solution to the problem of unemployment. (ii) Start-ups are to be aided with technical and financial support by the government. Accordingly, these are expected to encourage the use of latent resources (particularly entrepreneur skill and small savings) . When latent resources are used, employment opportunities are bound to arise.
3. “The gap between the growth of GDP and Employment is widening.” State the trend which highlight this phenomenon.
Ans. This trend is termed as ‘Jobless growth’. Jobless growth refers to a situation when the economy is able to produce more goods and services without a proportionate increase in employment opportunities. There is a situation when there is an overall acceleration in the growth rate of GDP in the economy without corresponding expansion in employment opportunities.
4. ‘Labour- force’ and ‘Work-force’ are one and the same thing. Comment.
Ans. The given statement is incorrect. Labour- force includes all those who are working and though not working, are seeking and are available for work, I.e. Labour -force = Persons
working + persons seeking and/ or available for work. On the other hand, Work-Force includes all those who are actually employed at a particular time.
5. Analyse the recent trends in sectoral distribution of workforce in India. Ans. The distribution of workforce in India in different sectors is as follows:
(I) Primary sector is the main source of employment (60.4%), for majority of workers in India.
(ii) Secondary sector provides employment to only 15.8% of workforce.
(iii) 23.8 percent of workers are engaged in the service sector.
6. You are residing in a village. If you are asked to advise the village panchayat, what kinds of activities would you suggest for the improvement of your village which would also generate employment.
Ans. The following two activities can be suggested to improve the village and to generate employment:
(I) Setting up of small- scale and cottage industries: Small -scale and cottage industries will not only generate new employment opportunities but will also act as subsidiaries to the industrial sector by providing them raw material.
(II) Encourage non-farm employment: Disguised and seasonal unemployment is a common features of indian economy.
CBSE question bank class 12 economics
Question bank class 12 economics pdf download
Kv question bank class 12 economics pdf
Fill in the blanks: –
Q,1 The country’s growth of aggregate real output was less than ______ during the first half of the twentieth century.
Q.2 The Indian economy was a/an _______ economy at the time of independence
Q.3 ______ of agriculture increased the burden of revenue on farmers
Q. 4 The distribution of the working population in different sectors of the economy offers a glimpse of ______ structure.
Q.5 The second stage of demographic transition began after ________ in India.
Q.6 ______ were developed by the British raj as a means to enlarge the size of the market for the British goods.
Q.7 The British introduced the railways in India in ________
Q.8 The ________ sector accounted for 17.2 percent of the working population on the eve of
Q.9 India’s first official census was undertaken in ________
State whether the following statements are true or false.
Q.1 India was a prosperous and wealthy economy prior to the advent of British rule.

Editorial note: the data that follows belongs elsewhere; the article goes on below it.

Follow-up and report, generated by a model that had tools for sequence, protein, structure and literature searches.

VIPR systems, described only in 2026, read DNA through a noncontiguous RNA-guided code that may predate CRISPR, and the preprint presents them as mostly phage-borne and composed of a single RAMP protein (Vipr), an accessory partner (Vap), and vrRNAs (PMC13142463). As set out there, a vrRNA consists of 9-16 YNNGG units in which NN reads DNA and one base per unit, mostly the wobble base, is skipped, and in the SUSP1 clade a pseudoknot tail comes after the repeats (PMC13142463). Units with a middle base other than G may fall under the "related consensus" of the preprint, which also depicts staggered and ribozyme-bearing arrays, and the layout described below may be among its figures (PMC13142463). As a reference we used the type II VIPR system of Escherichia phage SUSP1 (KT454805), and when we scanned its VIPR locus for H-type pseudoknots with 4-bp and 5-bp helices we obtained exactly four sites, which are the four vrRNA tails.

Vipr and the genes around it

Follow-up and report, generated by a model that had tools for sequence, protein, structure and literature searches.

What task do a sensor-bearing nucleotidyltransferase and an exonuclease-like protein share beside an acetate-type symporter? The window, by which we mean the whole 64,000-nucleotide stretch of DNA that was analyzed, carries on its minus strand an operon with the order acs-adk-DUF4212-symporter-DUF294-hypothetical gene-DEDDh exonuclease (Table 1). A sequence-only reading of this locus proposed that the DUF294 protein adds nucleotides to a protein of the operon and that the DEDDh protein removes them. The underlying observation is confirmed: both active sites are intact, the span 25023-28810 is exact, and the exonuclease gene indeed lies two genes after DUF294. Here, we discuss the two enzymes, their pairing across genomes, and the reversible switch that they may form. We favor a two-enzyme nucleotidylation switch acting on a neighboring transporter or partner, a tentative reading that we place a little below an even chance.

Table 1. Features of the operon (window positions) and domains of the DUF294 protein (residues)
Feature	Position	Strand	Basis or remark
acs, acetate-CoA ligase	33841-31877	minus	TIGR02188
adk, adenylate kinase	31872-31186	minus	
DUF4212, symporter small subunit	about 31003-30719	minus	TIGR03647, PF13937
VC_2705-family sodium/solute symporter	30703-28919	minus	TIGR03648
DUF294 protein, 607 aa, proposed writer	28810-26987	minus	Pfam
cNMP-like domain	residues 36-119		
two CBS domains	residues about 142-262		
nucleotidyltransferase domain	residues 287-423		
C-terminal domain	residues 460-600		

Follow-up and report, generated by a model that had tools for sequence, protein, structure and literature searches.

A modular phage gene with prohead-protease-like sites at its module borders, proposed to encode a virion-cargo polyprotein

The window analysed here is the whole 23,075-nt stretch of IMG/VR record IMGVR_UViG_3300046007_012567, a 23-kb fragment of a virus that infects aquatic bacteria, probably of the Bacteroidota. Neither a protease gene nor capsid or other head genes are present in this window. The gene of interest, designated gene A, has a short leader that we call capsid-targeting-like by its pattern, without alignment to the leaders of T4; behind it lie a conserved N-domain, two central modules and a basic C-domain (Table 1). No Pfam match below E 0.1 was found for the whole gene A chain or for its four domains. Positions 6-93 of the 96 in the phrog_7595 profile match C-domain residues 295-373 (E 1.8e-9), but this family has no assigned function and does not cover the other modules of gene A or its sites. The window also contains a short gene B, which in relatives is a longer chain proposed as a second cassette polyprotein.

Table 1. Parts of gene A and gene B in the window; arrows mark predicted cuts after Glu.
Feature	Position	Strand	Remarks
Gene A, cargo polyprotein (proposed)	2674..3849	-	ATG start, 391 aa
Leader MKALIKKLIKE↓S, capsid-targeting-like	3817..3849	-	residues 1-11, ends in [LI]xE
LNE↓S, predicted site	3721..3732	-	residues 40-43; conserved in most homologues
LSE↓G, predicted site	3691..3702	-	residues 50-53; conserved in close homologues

Q.2.The colonial rule destroyed India’s traditional handicraft industry.
Q.3.The economic policies pursued by the colonial government in India were concerned more with the protection and promotion of the economic interests of India.
Q. 4. India was reduced to an importer of primary products.
Q.5.Land settlement introduced by the colonial government resulted in stagnation in the agricultural sector.
Q.6.The contribution of the new industrial sector to the Gross Domestic Product (GDP) expanded significantly during British rule.
Q.7.The secondary sector accounted for only 10.1 percent of the working population on the eve of independence.
Q.8.British colonial rule positively affected the structure, composition, and volume of India’s foreign trade.
Q.9.Before 1921, India was in the second stage of demographic transition.
Q.10.The aim of developing postal and telegraph was to enhance the efficiency of British administration
Long type question answer
Answer the following questions
Q.1 What was the basic objective of developing various infrastructure facilities by British government in India?
Under the colonial regime, basic infrastructure such as railways, ports, water transport, posts and telegraphs did develop. However, the real motive behind this development was not to provide basic amenities to the people but to subserve various colonial interests.
Q.2 Explain some of the infrastructural developments by British government in India and how did it affect Indian people and economy?
Following infrastructural development were done by British in India: –
(1) Roads constructed in India prior to the advent of the British rule were not fit for modern transport.
The roads that were built primarily served the purposes of mobilising the army within India and drawing
out raw materials from the countryside to the nearest railway station or the port.
(2) There always remained an acute shortage of all-weather roads to reach out to the rural areas during the rainy season. Naturally, therefore, people mostly living in these areas suffered grievously during natural calamities and famines.
(3) The British introduced the railways in India in 1850 and it is considered as one of their most important contributions.it affected India in two ways: –
(a). On the one hand it enabled people to undertake long distance travel and thereby break geographical and cultural barriers
(b)On the other hand, it fostered commercialisation of Indian agriculture which adversely affected the self-sufficiency of the village economies in India.The volume of India’s exports undoubtedly expanded
but its benefits rarely accrued to the Indian people. The social benefits, which the Indian people gained
owing to the introduction of the railways, were thus outweighed by the country’s huge economic loss.
(3) The inland waterways, at times, also proved uneconomical as in the case of the Coast Canal on the
Orissa coast. Though the canal was built at a huge cost to the government exchequer, yet, it failed to compete with the railways, and had to be ultimately abandoned.